Hawks looking to upset Pacers in Indy

No. 8 seed Atlanta may exploit mismatch on offense

AP Sports WriterApril 18, 2014 

Hawks Bucks Basketball

Atlanta Hawks' Shelvin Mack (8) shoots past Milwaukee Bucks' Chris Wright (15) during the first half of an NBA basketball game on Wednesday, April 16, 2014, in Milwaukee. (AP Photo/Morry Gash)

MORRY GASH — AP

INDIANAPOLIS -- The Pacers believe things have changed.

Instead of chasing the top seed in the Eastern Conference, all they have to do is protect their home court. Instead of pressing, they've been joking around. And instead of trying debating what went wrong over the second half of the season, the Pacers will finally get a chance to start over when the playoffs open this weekend.

"I think we're a confident group," coach Frank Vogel said Friday. "We all know we've struggled a little, but we're excited about the playoffs and we're excited to get started."

Pacers fans are anxious to see if anything really will be different when the Pacers host Game 1 against Atlanta today.

Over the season's first half, the top-seeded Pacers went 33-7. Over the second half, they were mostly mediocre and out of sync in going 23-19. But Indiana (56-26) did build a little momentum by winning its last two for its first two-game winning streak in a month.

The key to regaining their early-season form will be getting All-Star center Roy Hibbert back on track. He is shooting just 23.5 percent in April, is 1 of 16 from the field over the last two games and has averaged 3.2 rebounds over the last 13.

To advance, Indiana knows Hibbert must revert to last season's playoff form when he averaged 17.0 points and 9.9 rebounds and helped lead the Pacers to the Eastern Conference finals. Hibbert insists he will be that guy when this best-of-seven starts.

"I've been doing this for six years now and it's playoff time," Hibbert said, wiping his brow after practice. "I'm ready to roll."

The eighth-seeded Hawks (38-44) don't intend to make things easy on Hibbert and the Pacers as they try to steal one of the first two games in Indy.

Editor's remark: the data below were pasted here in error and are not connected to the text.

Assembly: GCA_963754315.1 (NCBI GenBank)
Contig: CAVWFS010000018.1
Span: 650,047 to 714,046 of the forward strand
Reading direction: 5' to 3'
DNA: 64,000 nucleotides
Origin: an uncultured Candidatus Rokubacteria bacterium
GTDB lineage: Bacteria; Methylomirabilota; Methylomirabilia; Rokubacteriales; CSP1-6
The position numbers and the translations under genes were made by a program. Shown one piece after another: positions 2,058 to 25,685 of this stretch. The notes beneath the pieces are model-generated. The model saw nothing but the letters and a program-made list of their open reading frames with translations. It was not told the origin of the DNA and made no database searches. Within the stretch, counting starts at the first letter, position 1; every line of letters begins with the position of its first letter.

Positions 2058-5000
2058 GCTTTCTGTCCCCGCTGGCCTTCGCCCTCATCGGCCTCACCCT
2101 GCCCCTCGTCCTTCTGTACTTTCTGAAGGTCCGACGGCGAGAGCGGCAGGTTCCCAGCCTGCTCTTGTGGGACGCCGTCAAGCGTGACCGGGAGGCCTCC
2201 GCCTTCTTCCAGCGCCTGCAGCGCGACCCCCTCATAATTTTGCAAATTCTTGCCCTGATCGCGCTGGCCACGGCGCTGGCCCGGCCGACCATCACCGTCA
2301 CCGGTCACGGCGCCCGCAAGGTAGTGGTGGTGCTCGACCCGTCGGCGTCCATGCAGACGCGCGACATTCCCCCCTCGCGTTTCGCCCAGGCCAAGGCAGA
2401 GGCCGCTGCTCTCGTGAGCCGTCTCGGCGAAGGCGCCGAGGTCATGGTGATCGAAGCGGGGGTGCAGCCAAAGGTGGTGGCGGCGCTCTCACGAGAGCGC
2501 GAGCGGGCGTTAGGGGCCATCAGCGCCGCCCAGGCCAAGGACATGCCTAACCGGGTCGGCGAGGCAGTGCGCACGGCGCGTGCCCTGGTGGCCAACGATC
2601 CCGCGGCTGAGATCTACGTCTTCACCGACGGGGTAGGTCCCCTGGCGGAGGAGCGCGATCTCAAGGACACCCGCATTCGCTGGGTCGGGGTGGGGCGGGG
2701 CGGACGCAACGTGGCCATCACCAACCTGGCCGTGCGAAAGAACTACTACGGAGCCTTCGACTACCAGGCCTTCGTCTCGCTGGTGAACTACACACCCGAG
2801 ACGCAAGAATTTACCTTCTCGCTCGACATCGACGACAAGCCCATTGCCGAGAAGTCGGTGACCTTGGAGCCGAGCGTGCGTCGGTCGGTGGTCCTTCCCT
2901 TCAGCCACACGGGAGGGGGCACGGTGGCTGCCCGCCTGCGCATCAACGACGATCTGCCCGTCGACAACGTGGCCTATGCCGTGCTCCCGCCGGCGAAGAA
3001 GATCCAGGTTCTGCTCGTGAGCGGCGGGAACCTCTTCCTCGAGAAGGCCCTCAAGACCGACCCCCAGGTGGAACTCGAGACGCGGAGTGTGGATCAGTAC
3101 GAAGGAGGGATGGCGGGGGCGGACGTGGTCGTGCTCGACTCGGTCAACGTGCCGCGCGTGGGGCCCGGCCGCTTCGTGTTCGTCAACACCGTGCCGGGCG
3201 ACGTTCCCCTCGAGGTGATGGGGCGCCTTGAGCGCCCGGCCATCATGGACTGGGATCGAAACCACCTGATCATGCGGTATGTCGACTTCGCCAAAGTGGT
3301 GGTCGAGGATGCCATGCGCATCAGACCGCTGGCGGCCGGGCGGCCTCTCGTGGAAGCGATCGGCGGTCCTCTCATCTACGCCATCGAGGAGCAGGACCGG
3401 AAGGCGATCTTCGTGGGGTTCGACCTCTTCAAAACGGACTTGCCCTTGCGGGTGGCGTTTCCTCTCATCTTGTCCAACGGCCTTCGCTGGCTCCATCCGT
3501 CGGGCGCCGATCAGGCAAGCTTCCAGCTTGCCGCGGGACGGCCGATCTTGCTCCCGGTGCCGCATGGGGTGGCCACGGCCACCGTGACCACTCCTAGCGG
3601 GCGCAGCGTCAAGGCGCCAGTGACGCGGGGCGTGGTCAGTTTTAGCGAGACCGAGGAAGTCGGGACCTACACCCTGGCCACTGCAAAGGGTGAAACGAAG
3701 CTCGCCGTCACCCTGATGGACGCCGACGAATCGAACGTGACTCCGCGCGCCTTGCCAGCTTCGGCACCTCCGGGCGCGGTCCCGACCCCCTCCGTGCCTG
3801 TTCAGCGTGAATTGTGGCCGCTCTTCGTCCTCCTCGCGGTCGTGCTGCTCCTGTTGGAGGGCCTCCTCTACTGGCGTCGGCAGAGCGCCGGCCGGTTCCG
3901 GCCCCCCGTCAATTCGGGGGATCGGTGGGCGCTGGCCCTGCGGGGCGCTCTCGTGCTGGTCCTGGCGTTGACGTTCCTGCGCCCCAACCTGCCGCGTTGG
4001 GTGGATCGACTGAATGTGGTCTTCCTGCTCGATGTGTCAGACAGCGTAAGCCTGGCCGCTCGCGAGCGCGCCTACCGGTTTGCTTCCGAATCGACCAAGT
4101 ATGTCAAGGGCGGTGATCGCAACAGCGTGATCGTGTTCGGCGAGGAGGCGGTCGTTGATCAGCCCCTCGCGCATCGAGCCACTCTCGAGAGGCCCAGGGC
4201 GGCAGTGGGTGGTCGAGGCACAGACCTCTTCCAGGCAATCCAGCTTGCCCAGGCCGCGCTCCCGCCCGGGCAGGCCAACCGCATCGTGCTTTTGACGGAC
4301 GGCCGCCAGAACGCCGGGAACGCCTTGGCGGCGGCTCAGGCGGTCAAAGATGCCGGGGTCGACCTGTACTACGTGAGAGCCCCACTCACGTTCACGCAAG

"They have a lot of length down low, so you have to be able to shoot," said Kyle Korver, a longtime problem for the Pacers. "If you don't knock down shots, you're not going to beat this team."

Here are five more things to watch as the series begins:

Mismatch: The Pacers prefer overpowering opponents with their size inside. Atlanta, on the other hand, can put all five starters on the 3-point line, pulling Hibbert and David West away from the rim. Atlanta needs to win this battle to pull the upset.

Offense vs. defense: Atlanta prefers turning up the tempo so its six double-digit scorers can take control. Indiana, meanwhile, has been built around a stingy defense. This could be the most telling battle in the entire series.

Hometown rivals: The next best head-to-head matchup features two Indianapolis natives, George Hill vs. Jeff Teague. The two have been playing against one another for years, and now they'll showcase their rivalry on the NBA's big stage. Two weeks ago, Teague torched the Pacers for 25 points. Hill's job is to keep him out of the paint and slow him down. But Hill also needs to be more aggressive offensively after taking just eight shots over the last three games.

Bench play: Indiana rebuilt its bench during the offseason and tinkered with it again in February, all in an effort to chase an NBA title. It's time to find out if Larry Bird's moves will work. Over the past week, the backups have played more minutes and built confidence, both of which could help Indiana in the playoffs.

Home, sweet, home: Indiana got exactly what it wanted out of the regular season: A second straight Central Division title and the No. 1 seed in the East. Now the Pacers must cash in. At 35-6, Indiana was the best home team in the league this season but its two worst home losses of the season (to San Antonio and, yes, Atlanta) weren't that long ago. David West said Friday that the Pacers need to win Game 1 to reassert their home-court advantage.

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